Rape is rape

EDITOR’S NOTE: This article recounts an experience of a traumatizing form of sexual assault. Readers are advised to proceed with caution.

I consider myself as someone who is sex-positive—seeing sex and sexuality as concepts that are open and progressive. Exploring my sexuality right after high school shaped how I understood people as their own realized self, then engaging myself in sexual activities as a temporary relief from reality. Sadly, talking about it is taboo, especially in the Philippines—a dominantly Catholic country that strictly adheres to customs and traditions.

I’ve been almost shameless about my intimate activities, and I’ve used dating applications to look for sexual partners before. The reason I kept using these applications was not that I wanted to feel good, but because I wanted to stop feeling bad. I thought engaging in those activities would make me feel better. It did—for a while.

Then one night, I went on a dating application because I again wanted to not feel bad. A faceless profile messaged me if I was open to trading photos. After agreeing, I invited him to my place, and he asked me if he could bring a friend. I agreed, but only if his friend sent his own photo as well. Thirty minutes later, they arrived at my place, and we did what we intended to do.

Until I felt uncomfortable and I asked them to stop, but they didn’t. They said I seemed to like it because of my biological reaction—and that I consented to it. Though I asked them again to stop, I was outnumbered and afraid. That night, I deleted the application and wrapped myself in the thickest comforter I could find.

Weeks after that encounter, whenever I cough, my lower region felt like it was burning. When someone tries to hug me from behind, I flinch—until now.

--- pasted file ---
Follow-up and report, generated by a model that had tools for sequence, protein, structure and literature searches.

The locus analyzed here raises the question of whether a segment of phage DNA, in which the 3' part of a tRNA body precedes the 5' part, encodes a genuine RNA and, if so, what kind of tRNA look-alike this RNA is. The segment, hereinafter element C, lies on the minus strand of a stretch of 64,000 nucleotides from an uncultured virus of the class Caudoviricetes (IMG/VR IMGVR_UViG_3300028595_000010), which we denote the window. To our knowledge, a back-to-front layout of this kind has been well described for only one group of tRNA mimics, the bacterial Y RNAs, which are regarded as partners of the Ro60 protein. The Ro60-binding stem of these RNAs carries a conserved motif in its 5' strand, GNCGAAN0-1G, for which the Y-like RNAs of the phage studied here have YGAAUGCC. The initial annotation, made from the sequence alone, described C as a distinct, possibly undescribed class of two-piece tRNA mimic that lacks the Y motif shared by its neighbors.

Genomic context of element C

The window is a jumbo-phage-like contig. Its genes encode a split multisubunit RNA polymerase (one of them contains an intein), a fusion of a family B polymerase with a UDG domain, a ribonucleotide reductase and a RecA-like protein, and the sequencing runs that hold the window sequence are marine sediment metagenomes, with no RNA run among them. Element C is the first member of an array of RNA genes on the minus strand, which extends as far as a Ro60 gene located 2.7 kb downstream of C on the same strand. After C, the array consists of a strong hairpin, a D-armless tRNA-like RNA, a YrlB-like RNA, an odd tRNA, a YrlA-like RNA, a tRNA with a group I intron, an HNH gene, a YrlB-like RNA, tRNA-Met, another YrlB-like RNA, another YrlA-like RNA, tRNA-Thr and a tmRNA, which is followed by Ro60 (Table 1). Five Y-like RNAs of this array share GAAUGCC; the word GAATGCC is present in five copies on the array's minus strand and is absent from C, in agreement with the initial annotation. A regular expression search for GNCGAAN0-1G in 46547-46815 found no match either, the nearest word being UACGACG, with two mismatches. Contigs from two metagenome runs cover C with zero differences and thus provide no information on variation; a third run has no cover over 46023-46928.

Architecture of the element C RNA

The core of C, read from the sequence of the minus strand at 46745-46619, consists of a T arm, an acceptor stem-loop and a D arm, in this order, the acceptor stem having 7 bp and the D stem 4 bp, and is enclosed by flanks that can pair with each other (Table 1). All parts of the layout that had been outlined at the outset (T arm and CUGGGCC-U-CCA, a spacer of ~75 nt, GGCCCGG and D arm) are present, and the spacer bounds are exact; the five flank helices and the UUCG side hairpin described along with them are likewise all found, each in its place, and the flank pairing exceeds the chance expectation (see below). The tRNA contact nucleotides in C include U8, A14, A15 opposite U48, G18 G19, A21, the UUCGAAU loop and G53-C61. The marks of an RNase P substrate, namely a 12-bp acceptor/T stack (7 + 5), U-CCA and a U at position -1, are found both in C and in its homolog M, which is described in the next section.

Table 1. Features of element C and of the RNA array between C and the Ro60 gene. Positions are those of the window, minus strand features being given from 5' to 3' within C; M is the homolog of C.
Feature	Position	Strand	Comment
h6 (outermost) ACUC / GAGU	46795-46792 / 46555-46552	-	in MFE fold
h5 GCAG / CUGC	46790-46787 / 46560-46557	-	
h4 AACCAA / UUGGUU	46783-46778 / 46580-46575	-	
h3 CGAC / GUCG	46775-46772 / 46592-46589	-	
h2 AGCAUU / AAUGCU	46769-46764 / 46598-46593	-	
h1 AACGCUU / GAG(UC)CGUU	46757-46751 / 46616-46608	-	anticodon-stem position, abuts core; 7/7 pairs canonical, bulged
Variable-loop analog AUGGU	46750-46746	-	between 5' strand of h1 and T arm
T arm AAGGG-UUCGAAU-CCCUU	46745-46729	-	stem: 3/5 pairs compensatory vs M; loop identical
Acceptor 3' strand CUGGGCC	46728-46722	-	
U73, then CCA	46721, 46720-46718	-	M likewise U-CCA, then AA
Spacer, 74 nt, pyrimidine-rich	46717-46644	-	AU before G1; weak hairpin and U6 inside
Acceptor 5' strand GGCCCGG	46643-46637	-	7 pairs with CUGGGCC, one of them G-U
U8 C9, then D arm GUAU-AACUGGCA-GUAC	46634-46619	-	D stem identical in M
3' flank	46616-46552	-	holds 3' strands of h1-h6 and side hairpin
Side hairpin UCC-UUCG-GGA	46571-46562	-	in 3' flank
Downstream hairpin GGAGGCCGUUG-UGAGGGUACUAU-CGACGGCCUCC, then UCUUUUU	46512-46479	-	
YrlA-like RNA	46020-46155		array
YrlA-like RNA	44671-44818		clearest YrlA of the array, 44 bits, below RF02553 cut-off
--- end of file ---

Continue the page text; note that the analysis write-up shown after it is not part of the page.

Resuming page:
I have never reported it because I have never acknowledged what it was until recently. I was afraid of reporting it to the authorities because who would believe that I would get raped?

Why didn’t I cry, yell, or fight back?

Realizing that there is no manual about how I should’ve acted, I learned that there are no written rules on how a rape victim should act. More so, the rape of a man is almost taboo, even in our justice system.

In the Philippines, the Anti-Rape Law of 1997 states that “rape is committed when a person has forced, threatened or intimidated a woman to have sexual intercourse or other forms of sexual assault.” The gaps within our justice system seclude people—constrained by cultural norms and stigmas—and perpetuate a hostile environment where victims are afraid to seek help.

Data from the Philippine Statistics Authority indicated that there were 2,162 rape cases reported to the Philippine National Police in 2019 and 1,656 in 2018. The statistics show that the horrors are rampant and that the rape pandemic continues to rage on.

Only in 1997 did the law provide recognition to the rape of males, both by males and females. However, male rape is only considered sexual assault. Therefore it gives a lesser penalty of six to 12 years compared to the same crime committed against females which entails life imprisonment. Gender inequality in the country’s anti-rape laws fails to recognize that trauma has no gender.

With Congress approving on the third and final reading House Bill No. 7836 which seeks to raise the age for statutory rape from 12 to 16, justice is brought a step closer to victims. I still believe that the law could be further amended to ensure all victims, regardless of gender, will get the justice they deserve.

Ignorance toward male rape not only neglects men but also harms women by perpetuating the stigma that “female” is equal to “victim”, which hampers our ability to see women as independent and empowered. Likewise, silence on male victims underpins unhealthy expectations about men and their supposed invulnerability. Toxic masculinity is a double-edged sword that does not only endanger women but also other men.

It took me three years to gather the courage to speak about it. While some take decades or never come forward, it does not lessen the horror we have experienced. When we stay silent to protect ourselves, we perpetuate our isolation. There are many of us, hiding in the shadows because of shame and fear, although I hope someday, it would be easier to come forward or, better yet, to have no reason to stay hidden.

By Oliver Barrios

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